One final aspect of the increasing salaries in recent years is that only nine teams have increased salary each year from 2011 through 2015. Of these are a couple of surprising teams that had almost no choice as they were at the very bottom of the list, the Indians and Pirates. A few others, like the Rangers and Royals, have increased each year by small amounts to allow for the aging of their players and to add a few pieces here and there (only the Nationals and Dodgers have added more total salary since 2011). Then, there are the Tigers.
The Tigers have added salary each year since 2011 and have had consistently worse results since 2012 after they lost the World Series, losing in the ALCS in 2013, then the ALDS in 2014, and finishing last in the AL Central in 2015. They are already well on their way to increasing that salary for a fifth straight season with the addition of Zimmermann, but throwing more money at the problem doesn’t seem to be the answer.
Detroit already owes an incredible $520.6 million to six players (including $30 million to Prince Fielder, who plays for the Rangers) through the year 2020 (not including Miguel Cabrera’s guaranteed years after 2020, of which there are four with two vesting options). That number equates out to $22.6 million per season per player for the likes of Justin Verlander (2.8 WAR in 2015, 32 years old), Cabrera (4.3 WAR, 32 years old), Victor Martinez (-2 WAR, 36 years old), Zimmermann (3 WAR, 29 years old), Anibal Sanchez (0.9 WAR, 31 years old), and Ian Kinsler (4.2 WAR, 33 years old).
These are the sunset years of the red giants of baseball salary. For those who can’t or won’t dump salary like Boston, big money teams are subjected to the options of falling into last place or continually adding onto salary. It is the fact that teams like Detroit do this that gives fans of teams outside Los Angeles, New York, and Boston a little bit of hope. The style of winning that banks on free agency (or even high end extensions) is not sustainable, largely because players demand so many years of guaranteed money, yet provide a much smaller amount of guaranteed performance. This is the primary reason that teams who focus on developing and keeping talent with a low payroll have been nearly as successful over recent seasons.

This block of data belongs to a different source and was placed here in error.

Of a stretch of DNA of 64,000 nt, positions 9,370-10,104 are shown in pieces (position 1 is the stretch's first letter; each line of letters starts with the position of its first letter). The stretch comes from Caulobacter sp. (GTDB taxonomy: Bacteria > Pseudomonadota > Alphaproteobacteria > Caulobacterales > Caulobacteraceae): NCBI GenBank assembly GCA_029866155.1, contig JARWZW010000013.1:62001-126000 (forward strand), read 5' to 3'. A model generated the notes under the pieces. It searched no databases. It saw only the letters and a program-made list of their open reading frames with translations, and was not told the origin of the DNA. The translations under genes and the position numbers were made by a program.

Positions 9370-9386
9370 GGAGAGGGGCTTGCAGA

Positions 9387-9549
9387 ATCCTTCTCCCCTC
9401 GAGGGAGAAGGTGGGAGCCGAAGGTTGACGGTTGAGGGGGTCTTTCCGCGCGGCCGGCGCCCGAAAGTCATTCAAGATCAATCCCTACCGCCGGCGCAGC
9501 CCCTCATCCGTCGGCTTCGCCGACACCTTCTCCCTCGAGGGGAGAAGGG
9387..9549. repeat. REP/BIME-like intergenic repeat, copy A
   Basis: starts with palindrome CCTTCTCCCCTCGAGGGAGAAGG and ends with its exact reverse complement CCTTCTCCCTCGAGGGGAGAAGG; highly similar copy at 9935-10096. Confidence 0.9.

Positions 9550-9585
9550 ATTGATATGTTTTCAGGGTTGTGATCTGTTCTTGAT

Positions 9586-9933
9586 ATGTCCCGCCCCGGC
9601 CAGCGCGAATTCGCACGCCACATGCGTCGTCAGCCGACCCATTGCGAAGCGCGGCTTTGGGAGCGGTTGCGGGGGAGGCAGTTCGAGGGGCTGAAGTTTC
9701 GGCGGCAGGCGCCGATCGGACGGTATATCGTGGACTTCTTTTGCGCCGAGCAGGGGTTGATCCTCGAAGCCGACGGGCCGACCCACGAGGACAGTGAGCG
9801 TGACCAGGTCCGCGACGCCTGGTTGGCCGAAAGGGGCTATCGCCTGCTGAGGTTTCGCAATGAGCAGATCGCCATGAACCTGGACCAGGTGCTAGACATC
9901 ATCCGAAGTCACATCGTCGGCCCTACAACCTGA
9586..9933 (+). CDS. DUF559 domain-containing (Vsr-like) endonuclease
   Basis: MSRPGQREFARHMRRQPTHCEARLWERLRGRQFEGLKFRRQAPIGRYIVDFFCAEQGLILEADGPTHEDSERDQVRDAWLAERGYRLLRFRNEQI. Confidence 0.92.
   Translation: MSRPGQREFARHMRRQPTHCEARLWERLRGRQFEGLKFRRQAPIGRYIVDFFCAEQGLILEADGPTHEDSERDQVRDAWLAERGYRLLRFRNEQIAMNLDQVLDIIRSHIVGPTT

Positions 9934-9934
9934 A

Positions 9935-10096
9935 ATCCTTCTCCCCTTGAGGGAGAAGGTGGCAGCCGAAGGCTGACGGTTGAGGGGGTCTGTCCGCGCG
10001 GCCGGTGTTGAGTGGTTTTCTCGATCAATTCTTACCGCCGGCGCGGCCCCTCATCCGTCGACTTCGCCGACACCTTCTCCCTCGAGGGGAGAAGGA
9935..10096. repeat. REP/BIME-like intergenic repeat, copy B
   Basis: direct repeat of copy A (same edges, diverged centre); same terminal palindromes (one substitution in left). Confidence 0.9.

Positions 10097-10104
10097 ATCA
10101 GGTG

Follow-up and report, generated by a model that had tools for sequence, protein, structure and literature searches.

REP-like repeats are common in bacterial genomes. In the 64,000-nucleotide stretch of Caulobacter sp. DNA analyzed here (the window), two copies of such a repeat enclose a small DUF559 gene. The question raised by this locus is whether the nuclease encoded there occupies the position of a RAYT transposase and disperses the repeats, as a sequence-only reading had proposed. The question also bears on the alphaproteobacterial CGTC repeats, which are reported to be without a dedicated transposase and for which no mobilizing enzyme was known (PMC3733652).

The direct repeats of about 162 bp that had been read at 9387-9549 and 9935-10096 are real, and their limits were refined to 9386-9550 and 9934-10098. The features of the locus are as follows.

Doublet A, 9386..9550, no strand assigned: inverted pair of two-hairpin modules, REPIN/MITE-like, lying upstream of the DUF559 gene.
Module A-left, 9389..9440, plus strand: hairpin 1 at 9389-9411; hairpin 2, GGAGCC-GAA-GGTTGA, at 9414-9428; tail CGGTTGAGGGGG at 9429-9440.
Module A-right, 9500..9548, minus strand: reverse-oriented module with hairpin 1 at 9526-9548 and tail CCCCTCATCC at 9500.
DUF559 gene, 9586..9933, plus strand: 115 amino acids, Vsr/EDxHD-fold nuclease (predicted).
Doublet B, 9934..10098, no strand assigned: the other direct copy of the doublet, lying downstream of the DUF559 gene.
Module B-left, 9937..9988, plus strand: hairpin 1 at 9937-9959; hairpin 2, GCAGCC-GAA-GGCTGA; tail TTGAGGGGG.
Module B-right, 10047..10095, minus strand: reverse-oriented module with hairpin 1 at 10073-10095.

In the five years under question, the Red Sox, Phillies and Angels never paid their roster less than $135 million and have averaged $159.2 million since 2011, each making the Postseason a single time during that span. The Astros, Indians, Rays, and Athletics, on the other side of the spectrum, have never paid a team more than $88 million, averaged $66.2 million since 2011, and made seven playoff appearances compared to the three by Boston, Philadelphia, and Los Angeles. It isn’t fun to root for a small market team during the winter when is seems like everyone is out there spending hundreds of millions of dollars, but it turns out you’re not alone (there were 20 teams with less than $125 million in team salary in 2015) and that in the end, there are things in baseball much more important than money.
One of the teams consistently listed among the top spenders does seem to have learned their lesson. The Phillies inflated their team salary to incredible levels in 2012 and again in 2014, handing out mega deals to Ryan Howard, Cliff Lee, Cole Hamels, Chase Utley, and Jonathan Papelbon. Now, with a change of heart, only one of those players (Howard) remains on the roster and they have just $23.7 million on the books for 2017 and $2 million (Matt Harrison’s buyout) for 2018. Instead of perpetually trying to add to the top of a precarious Jenga tower of a baseball team, they finally realized it was time to blow things up and start over. While they had a poor season in 2015, they are in a great position for the future. It’s not as flashy as making it rain, but since spending more doesn’t automatically mean a team will win more, it certainly seems like the cheap way is the smartest way to run things.